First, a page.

Advances In Construction Technology Could Mean The End Of Inner City Blight
Slum Village, no more. Shanty towns could be a thing of the past as governments embrace strong but cheaply made affordable housing for the masses.
When John Lennon wrote, “No need for greed or hunger” as part of the lyrics to “Imagine” he probably had in mind the masses of torrid slums he’s seen in India or the blighted poverty stricken streets of his native post World War II Liverpool. Even he may not have imagined that the living conditions of both places could be dramatically improved, not just by altruistic governments with an eye on the poor but with scientists in labs inventing ways to make the technology used in the construction industry more efficient, bringing down the costs of making buildings down by 20 to 30 percent.
Here are three ways improvements in technology are helping to make city slums and blighted housing a thing of the past.
Modular Housing Made of Cheaper Materials
By pre-fabricating housing in a factory with machines away from the ravages of nature, not only can sections be made a lot more quickly, they can also be more energy efficient. Also materials can be used in innovative ways which would be harder to construct on site. In Finland an 8 storey, cross-laminated timber apartment building won the Finlandia Prize for Architecture. In countries such as Scandinavia and many developing countries where wood is plentiful, the elimination of concrete and heavy construction means buildings can be put up cheaply and quickly. In New York, Mayor de Blasio has laid out plans to build 160,000 of affordable housing for people making under $40,800/year. Sustainable technology and passive buildings are top of the administration’s agenda.
In Pune, India which has seven times the density of people than Manhattan, affordable housing is a necessity recognized by the Indian government. According to CNBC India has a shortage of 18 million urban housing units, cheaper construction is key in helping solve the problem and eliminating slums.
“Technology is a game changer for this,” said Jonathan Woetzel, senior partner at McKinsey Global Institute. “Technology creates a set of solutions that we didn’t have before. It will make housing cheaper and land use better.”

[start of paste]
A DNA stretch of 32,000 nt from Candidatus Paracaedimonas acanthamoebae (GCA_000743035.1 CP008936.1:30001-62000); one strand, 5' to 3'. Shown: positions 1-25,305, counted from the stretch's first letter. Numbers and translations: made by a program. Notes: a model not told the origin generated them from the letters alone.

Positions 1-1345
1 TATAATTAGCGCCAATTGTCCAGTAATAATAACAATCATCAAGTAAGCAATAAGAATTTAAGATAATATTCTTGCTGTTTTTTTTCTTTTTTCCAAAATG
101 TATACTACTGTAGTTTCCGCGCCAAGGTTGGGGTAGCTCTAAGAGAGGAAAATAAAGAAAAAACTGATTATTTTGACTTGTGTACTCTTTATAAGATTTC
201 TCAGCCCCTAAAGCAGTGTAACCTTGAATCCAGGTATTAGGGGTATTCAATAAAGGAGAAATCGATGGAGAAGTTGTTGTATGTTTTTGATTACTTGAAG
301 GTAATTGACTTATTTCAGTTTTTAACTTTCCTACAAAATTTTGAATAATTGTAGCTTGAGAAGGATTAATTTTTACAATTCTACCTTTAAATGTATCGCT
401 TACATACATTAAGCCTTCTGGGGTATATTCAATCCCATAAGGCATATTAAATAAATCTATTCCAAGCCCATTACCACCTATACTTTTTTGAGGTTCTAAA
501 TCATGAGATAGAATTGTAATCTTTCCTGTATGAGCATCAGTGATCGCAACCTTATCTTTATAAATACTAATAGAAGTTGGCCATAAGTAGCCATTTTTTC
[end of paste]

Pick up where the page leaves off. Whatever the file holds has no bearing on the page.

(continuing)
Drones have many uses, one being the accurate mapping of land. In cities throughout the world, there are parcels of land that somehow fell through the cracks and no one, either the public or government agencies are sure who owns it. Clearly sending out a cartographer to map ever spare half acre is immeasurably costly. A drone, however, after the initial purchase price and training just costs the replacement of the batteries and you’re good to go. Accurate mapping will free up more sought after land therefore allowing more space for affordable housing.
“Some really fantastic technologies are being used in mapping by organizations, like Slum Dwellers International,” said Julian Baskin, head of program at the Brussels-based Cities Alliance, a global partnership that includes the UN Habitat and World Bank, among others. “One of the first things they do is map settlements. By giving people an address, you give them a sense of identity within the city.”
Testing the durability of cheaper materials
Laminated timber and reinforced concrete sounds good in theory, until mother nature puts it to the test with people living inside structures made from it. No matter how cutting edge materials may be, of they may not durable they may not be much more used that a corrugated tin roof in a shanty town. However, there are several new products currently being tested which could have a dramatic impact on the construction industry. The Forest Products Laboratory branch of the US Forest Service has granted $1.7 million towards a pilot plant that will work on the production of cellulose nanocrystals – the recycled wood waste product, that has proven to be stronger than kevlar.
A newer light weight steel product has also proven stringer than traditional steel but cheaper too. It’s mass production is being championed by auto and airplane manufacturers and could be a also be a boon for the construction industry.
Once it was meant to have changed the world but prohibitive costs and confusion about translating the shiny panels on roofs to real savings seemed to have given solar power a false start. However, more efficient, less costly photovoltaic cells are meant to drop costs by 25 percent by 2020, all of which means its potential could finally be achieved.
In India, the government announced late last year that it would spend $150 million on lighting in the slums in Kolkata. In Egypt, agriculture company Al Tayebat spent $1.1 million on a solar-powered village for its workers.
For the world’s impoverished, there is light at the end of the tunnel.
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